Facebook’s declining popularity among younger demographics is widely known by now, but a recent study just revealed how far the once all-encompassing social media platform has fallen from grace in teens’ eyes. According to the Pew Research Center’s new “Teens, Social Media and Technology” report surveying internet users aged 13-17, only about 32-percent of responders say they ever use Facebook. That’s a well over 50-percent decline from 2014-15’s estimated 71-percent usage.

Meanwhile, TikTok is remains the current social media platform to beat for Gen Z, with 67-percent of responders claiming to frequently visit the app. Two other social media platforms—Instagram and Snapchat—also saw sizable increases over the past eight years. Another result gleaned from the study shows that YouTube is by far the website teens utilize most, with 95-percent of those surveyed saying they frequent the platform.

[Related: Facebook will try to make its news feed more personal again.]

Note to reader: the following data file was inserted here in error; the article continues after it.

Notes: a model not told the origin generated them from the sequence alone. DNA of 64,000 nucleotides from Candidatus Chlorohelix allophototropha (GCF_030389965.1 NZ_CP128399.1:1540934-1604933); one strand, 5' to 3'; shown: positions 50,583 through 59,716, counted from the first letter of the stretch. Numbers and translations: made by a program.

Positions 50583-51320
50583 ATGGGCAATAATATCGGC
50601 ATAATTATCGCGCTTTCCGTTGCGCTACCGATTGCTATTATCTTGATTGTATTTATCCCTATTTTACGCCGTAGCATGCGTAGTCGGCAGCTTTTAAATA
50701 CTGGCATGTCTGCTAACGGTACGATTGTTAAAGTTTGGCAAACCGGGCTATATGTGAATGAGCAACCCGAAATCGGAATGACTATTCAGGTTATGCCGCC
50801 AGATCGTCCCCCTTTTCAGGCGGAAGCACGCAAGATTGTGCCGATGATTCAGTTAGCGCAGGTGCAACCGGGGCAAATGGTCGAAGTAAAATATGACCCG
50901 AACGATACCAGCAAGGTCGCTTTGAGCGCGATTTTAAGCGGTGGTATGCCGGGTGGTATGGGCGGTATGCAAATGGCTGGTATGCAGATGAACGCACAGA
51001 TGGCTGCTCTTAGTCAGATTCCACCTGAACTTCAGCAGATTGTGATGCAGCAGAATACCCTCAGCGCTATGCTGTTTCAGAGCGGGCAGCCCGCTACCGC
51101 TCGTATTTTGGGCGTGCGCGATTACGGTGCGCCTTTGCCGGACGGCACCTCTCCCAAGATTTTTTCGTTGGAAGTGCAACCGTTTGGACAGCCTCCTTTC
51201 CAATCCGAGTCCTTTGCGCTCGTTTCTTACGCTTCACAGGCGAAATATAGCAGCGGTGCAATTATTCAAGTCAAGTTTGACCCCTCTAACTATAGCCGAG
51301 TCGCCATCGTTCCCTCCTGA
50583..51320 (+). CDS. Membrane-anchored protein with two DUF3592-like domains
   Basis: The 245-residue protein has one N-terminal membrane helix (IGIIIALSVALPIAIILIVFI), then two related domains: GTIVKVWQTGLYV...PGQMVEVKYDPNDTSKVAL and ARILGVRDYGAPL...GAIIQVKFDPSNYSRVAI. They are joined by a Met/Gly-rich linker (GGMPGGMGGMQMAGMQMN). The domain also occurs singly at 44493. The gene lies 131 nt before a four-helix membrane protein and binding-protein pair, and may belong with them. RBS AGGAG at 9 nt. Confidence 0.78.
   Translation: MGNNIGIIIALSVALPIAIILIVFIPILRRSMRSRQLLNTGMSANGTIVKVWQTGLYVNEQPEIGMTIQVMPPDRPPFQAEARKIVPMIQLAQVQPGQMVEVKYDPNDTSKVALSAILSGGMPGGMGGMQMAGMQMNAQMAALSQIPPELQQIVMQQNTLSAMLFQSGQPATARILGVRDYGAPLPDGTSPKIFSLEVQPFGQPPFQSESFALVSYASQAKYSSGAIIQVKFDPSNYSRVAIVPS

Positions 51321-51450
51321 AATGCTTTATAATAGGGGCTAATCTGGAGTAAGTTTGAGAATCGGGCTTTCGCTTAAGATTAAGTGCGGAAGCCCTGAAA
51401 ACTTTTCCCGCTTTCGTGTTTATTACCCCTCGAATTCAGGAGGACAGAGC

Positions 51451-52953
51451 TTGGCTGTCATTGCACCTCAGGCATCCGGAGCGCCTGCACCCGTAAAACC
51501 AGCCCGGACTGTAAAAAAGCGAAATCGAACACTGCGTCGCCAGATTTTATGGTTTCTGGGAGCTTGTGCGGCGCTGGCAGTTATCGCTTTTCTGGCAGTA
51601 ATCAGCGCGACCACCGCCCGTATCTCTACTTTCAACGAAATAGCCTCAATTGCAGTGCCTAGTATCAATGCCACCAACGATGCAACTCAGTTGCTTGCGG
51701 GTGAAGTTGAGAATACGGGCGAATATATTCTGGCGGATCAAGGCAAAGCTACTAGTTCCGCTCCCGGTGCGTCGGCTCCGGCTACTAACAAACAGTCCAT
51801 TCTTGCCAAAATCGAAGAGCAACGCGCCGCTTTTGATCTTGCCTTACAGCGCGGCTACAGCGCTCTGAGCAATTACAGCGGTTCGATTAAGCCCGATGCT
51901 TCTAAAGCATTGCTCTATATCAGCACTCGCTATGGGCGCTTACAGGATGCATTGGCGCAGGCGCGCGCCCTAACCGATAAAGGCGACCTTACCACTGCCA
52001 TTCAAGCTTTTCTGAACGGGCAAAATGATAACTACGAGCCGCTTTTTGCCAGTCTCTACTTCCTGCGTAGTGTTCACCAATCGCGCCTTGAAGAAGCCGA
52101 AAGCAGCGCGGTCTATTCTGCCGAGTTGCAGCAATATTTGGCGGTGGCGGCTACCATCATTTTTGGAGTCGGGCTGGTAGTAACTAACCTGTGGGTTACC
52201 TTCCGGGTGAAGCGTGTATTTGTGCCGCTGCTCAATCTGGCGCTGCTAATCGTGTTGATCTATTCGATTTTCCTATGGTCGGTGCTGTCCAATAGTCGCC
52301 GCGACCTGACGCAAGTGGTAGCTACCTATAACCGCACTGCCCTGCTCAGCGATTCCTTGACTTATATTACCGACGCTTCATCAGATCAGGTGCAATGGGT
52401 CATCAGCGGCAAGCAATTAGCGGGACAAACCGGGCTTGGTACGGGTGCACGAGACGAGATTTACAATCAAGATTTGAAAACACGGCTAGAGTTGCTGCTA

Check out Pew Research’s infographic below for a wider view of the current social media landscape (RIP, Vine).

Social Media photo
Source: Pew Research Center

The demographics among teenagers on social media has also shifted significantly, according to the report. “For example, teen boys are more likely than teen girls to say they use YouTube, Twitch and Reddit, whereas teen girls are more likely than teen boys to use TikTok, Instagram and Snapchat,” reads the study. “In addition, higher shares of Black and Hispanic teens report using TikTok, Instagram, Twitter and WhatsApp compared with White teens.”

Unsurprisingly, all this social media usage has generated some undesirable byproducts. For example, of the 95-percent of teens visiting YouTube, one-in-five of them say they use it “almost constantly,” while a little over half of survey takers say they’d have difficulty giving up their favorite social media haunts for good. Perhaps this shouldn’t come as too much of a surprise— access to smartphones skyrocketed for the age group since Pew last surveyed the landscape—from 72- to 95-percent of teens.